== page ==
By Jenny Smith
It always happens at the least convenient times. Kids ask questions that you just didn’t see coming. One minute they will be telling you about Paw Patrol and the next they will be asking a deep question about the Trinity.
In the days we are now in, our children are overhearing conversations containing deeply divided opinions about the pandemic and politics. Naturally they will have questions.
Their questions could be deep and theological such as, “Where did God come from?” They could be questions you aren’t ready for such as, “Where do babies come from?” or “What does fill-in-the-blank mean?” Kids can ask questions that can shock you, such as, “Is there really a God?” or “How do we know that Jesus was real?” During this season, they may ask pointed questions about political views they have heard from others.
Here are my basic guidelines when answering tough questions:
- Don’t panic. When we panic, we communicate that it isn’t safe to ask questions. We want to be the safest place for that child to turn. Take a deep breath and prevent yourself from saying, “Why would you ask that?” or “How could you think that?” or “Why would you be thinking about that?”
- Clarify what they are actually asking. Do you remember the show “Everybody Loves Raymond?” One of my favorite episodes was when the daughter asked, “Why are there babies?” The dad flips out and prepares himself to answer, only to find out that she wasn’t even asking what he was thinking. You can watch the clip here. Take the time to make sure you know what kids are really asking. Ask clarifying questions before launching into your answer. You may be relieved.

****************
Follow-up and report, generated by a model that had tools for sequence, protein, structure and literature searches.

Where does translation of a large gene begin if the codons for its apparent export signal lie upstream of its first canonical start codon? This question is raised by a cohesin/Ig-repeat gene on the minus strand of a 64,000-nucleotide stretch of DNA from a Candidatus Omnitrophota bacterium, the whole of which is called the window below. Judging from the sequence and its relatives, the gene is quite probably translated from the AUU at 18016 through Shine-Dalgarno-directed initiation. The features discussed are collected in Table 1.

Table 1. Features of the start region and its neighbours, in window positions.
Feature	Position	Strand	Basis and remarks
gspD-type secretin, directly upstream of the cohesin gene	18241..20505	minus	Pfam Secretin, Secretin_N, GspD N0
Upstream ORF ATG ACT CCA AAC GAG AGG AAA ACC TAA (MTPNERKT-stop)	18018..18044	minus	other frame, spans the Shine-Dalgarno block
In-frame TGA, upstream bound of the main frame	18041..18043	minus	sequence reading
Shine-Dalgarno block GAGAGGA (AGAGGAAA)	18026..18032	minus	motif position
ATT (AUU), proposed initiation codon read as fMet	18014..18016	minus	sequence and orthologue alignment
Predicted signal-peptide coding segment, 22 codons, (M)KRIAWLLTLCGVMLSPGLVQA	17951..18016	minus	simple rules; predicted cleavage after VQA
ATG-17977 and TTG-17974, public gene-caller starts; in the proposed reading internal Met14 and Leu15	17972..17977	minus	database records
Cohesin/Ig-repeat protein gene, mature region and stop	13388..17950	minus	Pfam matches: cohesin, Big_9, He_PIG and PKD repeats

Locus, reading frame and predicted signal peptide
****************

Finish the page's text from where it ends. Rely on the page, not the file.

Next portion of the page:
- Answer according to age and maturity. A 3-year-old can not handle the same depth of answer as a 10-year-old. Some 5-year-olds are much more mature than others and require deeper answers. Your preteen can likely handle a more nuanced conversation about politics. Your 5-year-old needs you to keep answers simple.
- Answer according to your relationship with the child. If you are a church leader or volunteer, there are some questions that you need to pass off to parents. You should not answer “Are Santa and the Tooth Fairy real?” no matter how passionate you might be about the subject. Always bring the parents in on any topic that might be controversial.
- Always be honest. The easy thing is to answer with a vague, quick, pat answer even if it is not entirely true. Our goal is not easy. Our goal is for kids to know Christ and have a Biblical worldview.
- Always point back to Scripture. Always. Start with what the Bible says. If it doesn’t say anything, then say that. “The Bible doesn’t really say …”
- Always separate your opinion from the Bible. This is especially important for questions that are not directly addressed by Scripture. Make sure kids know that you are sharing what you think, not what is straight from the Bible.
- “I don’t know” is a perfectly good answer. It is totally OK to ask the child to give you some time to find an answer or to suggest that you research the question together. You do not have to be the walking library of answers. It is very good to model that none of us know everything.
It is a great thing when kids ask questions, even if it is intimidating. Every question can provide a teachable moment to point kids towards God. Questions show that kids are thinking and gives you a peek into thoughts they are processing. And don’t forget, if they are asking YOU, that signifies a great level of trust. Listen carefully, trust God to lead you as you answer, and definitely write these questions down to bring you a smile later.
This post originally appeared on ChurchAnswers.com. Jenny Smith serves at Church Answers Coach and as Minister to Children at West Bradenton Baptist Church in Bradenton, Florida.